The Expectation of Spending Money

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Every Sunday evening, my wife and I recap our weekend spending, and then do any budget adjustments required  due to higher than expected spending. After the conclusion of this activity recently, I broke the good news that we had stayed well within our allocated weekend funds. As soon as the words left my mouth, they felt wrong.

I was confused as to why they felt wrong, after all isn’t that the goal? Isn’t the goal to live within our means by creating a budget, allocating a finite amount of funds for bills and other activities, and then spend less than or equal to those set amounts? We had seemingly done everything right, but yet something felt off.

We commonly give ourselves a pat on the back for sticking to our budget. We go into the weekend with the expectation we’re going to spend money, so when we spend less than the maximum amount possible we applaud ourselves.

Why do we expect ourselves to spend money?

I’m not going to pretend for a minute that I can go through daily life without spending any money. There are bills to pay, and necessities to buy. But outside of just the basic cost of living, why do we expect to spend money? After the basic cost of living expenses are taken care of, I have a warm home, food in the cupboard, clothes in the closet and countless ways of entertaining myself.

Yet, I enter the weekend with the full expectation of spending money. In fact we go looking for ways to spend money. My wife and I actually have discussions regarding what we want to do. It’s almost like we brainstorm ways to spend our money, and we always succeed.  Most of the time we find ourselves with more ways to spend our money than we have funds. We determine which activities would bring the most value to our lives. Which is all well and good, but do you know what has never happened?

We’ve NEVER come to the conclusion that NONE of the ideas for a given weekend were worth of our hard earned cash.

It’s never happened. Ever. Look, I’m not saying that we shouldn’t spend money on things that bring us enjoyment. But it should be hard to separate you from your hard earned money. Really, really hard.

It’s time we changed our perspective on how we spend our money. Instead of acting like a five year old on a Friday afternoon with allowance burning a hole in our pocket, let’s treat our money like a business person looking to invest in a business proposition. If a business person gives their money to a questionable investment, it may fail and then the money is lost forever.

Think back over the last week.

What did you spend your money on?

Do you have any regrets?

If you had to do it over again, would you make the same choices?

If that same business person gives their money to a sound investment, it may grow and bring rewards that last a lifetime. Those are the spending experiences that are worth it.

I’m challenge myself to change my spending perspective.  This week, I’m not going to assume I’m going to spend money.  I’m starting with the expectation that I’m going to spend absolutely nothing. Before spending a single dollar, I will have to PROVE to myself that it’s worth it. Then, at the end of the week, I’ll celebrate how close I came to spending zero.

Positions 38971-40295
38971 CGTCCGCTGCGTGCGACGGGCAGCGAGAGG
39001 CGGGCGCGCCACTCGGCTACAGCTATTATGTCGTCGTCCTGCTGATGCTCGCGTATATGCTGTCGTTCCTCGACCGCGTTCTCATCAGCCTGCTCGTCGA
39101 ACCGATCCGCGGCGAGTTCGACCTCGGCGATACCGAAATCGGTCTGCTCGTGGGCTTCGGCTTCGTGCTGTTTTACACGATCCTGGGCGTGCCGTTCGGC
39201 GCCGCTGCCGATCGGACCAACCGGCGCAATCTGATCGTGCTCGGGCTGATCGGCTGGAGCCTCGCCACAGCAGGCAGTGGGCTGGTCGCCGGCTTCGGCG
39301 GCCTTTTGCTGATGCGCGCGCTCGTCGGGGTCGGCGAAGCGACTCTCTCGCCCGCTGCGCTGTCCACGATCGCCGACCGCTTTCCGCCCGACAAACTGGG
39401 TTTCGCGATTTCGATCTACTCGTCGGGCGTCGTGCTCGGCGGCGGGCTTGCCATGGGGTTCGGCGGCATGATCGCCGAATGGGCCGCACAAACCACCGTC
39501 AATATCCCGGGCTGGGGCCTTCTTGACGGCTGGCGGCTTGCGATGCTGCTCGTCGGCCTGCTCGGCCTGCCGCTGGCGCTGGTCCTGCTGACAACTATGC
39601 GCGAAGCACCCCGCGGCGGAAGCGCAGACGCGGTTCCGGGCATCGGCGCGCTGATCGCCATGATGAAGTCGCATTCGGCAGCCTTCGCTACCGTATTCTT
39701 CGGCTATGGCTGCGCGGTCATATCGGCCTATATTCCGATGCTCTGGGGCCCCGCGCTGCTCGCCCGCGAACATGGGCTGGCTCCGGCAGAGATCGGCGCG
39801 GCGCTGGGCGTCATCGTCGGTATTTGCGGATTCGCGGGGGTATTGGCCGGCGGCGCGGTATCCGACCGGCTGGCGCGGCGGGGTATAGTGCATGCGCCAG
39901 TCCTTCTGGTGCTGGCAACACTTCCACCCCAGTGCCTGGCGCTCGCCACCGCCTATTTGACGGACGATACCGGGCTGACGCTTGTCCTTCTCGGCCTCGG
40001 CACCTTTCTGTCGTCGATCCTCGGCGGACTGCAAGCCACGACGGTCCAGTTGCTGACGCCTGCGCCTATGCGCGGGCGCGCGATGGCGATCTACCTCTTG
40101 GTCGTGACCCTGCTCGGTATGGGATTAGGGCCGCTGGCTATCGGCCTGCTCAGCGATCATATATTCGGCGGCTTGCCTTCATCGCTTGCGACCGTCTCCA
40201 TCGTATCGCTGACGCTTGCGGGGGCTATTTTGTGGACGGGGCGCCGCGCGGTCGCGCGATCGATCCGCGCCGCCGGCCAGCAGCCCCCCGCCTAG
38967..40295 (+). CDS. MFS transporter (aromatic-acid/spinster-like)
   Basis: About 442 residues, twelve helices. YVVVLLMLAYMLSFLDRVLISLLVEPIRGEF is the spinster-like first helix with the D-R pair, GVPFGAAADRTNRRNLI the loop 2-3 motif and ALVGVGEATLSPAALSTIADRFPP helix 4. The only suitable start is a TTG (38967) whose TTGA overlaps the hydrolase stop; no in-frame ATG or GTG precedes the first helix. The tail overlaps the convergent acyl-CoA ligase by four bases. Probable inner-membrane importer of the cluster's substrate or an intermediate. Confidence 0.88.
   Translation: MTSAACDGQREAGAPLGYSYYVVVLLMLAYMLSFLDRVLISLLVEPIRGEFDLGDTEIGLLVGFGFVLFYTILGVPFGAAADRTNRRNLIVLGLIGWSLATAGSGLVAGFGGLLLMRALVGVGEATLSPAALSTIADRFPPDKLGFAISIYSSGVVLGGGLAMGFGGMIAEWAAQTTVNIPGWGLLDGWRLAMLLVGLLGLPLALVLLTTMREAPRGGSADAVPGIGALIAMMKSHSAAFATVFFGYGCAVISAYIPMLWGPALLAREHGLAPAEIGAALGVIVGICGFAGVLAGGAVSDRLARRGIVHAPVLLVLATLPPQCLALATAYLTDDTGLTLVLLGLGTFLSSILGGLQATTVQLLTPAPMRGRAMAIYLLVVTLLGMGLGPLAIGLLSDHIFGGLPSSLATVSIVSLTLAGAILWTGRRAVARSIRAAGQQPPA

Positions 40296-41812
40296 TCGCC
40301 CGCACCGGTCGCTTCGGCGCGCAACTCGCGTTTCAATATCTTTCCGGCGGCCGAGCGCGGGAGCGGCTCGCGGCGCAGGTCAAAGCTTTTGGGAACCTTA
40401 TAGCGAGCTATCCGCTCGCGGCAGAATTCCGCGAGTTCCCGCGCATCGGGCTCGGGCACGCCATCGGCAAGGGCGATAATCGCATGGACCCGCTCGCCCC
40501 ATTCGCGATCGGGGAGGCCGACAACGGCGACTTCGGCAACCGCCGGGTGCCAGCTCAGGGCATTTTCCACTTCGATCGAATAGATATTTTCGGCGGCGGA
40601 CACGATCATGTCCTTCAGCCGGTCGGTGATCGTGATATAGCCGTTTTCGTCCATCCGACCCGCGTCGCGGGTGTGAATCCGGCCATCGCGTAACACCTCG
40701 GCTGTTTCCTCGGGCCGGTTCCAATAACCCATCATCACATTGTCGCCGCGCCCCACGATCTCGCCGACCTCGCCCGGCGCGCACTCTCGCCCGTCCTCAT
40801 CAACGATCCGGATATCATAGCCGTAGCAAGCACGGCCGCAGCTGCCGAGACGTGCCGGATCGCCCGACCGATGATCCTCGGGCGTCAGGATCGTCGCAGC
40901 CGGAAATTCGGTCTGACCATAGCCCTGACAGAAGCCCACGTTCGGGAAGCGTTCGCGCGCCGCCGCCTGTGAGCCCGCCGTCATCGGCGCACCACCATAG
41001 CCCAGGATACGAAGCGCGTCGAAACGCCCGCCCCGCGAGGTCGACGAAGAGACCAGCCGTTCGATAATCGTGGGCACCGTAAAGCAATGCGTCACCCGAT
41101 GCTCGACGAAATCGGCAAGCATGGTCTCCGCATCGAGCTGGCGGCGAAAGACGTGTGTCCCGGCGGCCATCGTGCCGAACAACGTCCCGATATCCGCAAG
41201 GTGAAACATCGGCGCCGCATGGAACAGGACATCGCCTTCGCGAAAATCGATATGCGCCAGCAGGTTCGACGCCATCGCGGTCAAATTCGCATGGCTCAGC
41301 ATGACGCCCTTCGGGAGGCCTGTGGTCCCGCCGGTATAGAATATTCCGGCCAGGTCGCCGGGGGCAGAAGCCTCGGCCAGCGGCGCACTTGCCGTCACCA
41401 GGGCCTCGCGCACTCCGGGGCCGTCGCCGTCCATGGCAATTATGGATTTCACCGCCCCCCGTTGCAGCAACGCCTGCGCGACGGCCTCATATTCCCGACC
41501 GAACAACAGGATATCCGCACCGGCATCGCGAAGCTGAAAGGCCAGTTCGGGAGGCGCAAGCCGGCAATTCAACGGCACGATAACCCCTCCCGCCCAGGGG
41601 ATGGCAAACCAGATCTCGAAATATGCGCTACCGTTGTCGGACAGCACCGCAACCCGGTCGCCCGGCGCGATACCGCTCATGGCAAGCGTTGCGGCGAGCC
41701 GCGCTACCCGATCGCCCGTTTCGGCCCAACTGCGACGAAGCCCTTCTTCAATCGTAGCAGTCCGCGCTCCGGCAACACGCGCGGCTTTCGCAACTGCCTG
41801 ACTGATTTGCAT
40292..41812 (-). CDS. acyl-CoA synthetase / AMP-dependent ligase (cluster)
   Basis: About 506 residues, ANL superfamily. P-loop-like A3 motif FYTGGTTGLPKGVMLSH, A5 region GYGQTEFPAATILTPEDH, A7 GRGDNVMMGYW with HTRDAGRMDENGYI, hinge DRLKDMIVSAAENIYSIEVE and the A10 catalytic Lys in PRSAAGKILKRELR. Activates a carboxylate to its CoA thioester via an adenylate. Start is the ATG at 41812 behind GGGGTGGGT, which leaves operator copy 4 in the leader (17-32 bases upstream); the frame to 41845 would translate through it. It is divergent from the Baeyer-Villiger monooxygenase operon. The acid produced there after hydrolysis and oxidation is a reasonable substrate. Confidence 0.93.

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8 Responses to “The Expectation of Spending Money”

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  1. Did you read Carl Richard “What’s your cost per unit of fun” post. Along the same lines. You need to define what you values before you just randomly spend on things. I think this way when I’m tempted to buy lunch out. I know I have perfectly good food at home, why would I spend money on take out. 99% of the time I’ll just go eat the food at home once I think of it in those terms.

  2. Tonya says:

    As soon as you give yourself permission to spend, you do. I don’t know why that is. I was perfectly happy being really frugal—ok sort of happy, but then Shannon gave me permission to spend a little, and all of a sudden the flood gates opened as to what I could buy. Crazy huh?

  3. Sassy Mamaw says:

    A wise man recently said, “I work too hard to spend my money on stupid S#!+” I believe it may have been you! It sounds like your mantra was ringing in your ears after the weekend. Good luck with your new mission.

  4. Kurt says:

    I think a key is vigorously working to sever what’s become a subconscious connection in our brains (probably the result of being subjected to umpteen gazillion marketing messages) between fun and spending money. Without realizing it, we feel fun = spending money, and that fun is impossible without spending money. Not true! Think back on the five most fun times in your life. I bet at least three of the five involved little of no spending!

    • Travis says:

      I can see your point, Kurt…..we shouldn’t feel like we *have* to spend money to have fun. Some of my favorite memories is sitting on the deck at night with friends. There is a little money involved there (snacks, drinks), but not much!

  5. Ashley says:

    “We’ve NEVER come to the conclusion that NONE of the ideas for a given weekend were worth of our hard earned cash.”

    OMG… I almost can’t come up with an activity that is worth the money. Everything is so expensive! When we do have a little outing to a fair or festival or something I always feel ripped off. I’ll say something to my husband like “So was that worth $80?” The answer is almost always “No”. As a result we have a pretty boring life!! That’s the downside… never leaving the house.

    • Travis says:

      I can say that many times we have the same reaction…..After the fact. It’s getting ourselves to come to the conclusion that it’s not worth it BEFORE we do it. LOL. Thanks for stopping by, Ashley – great to hear from you! 🙂

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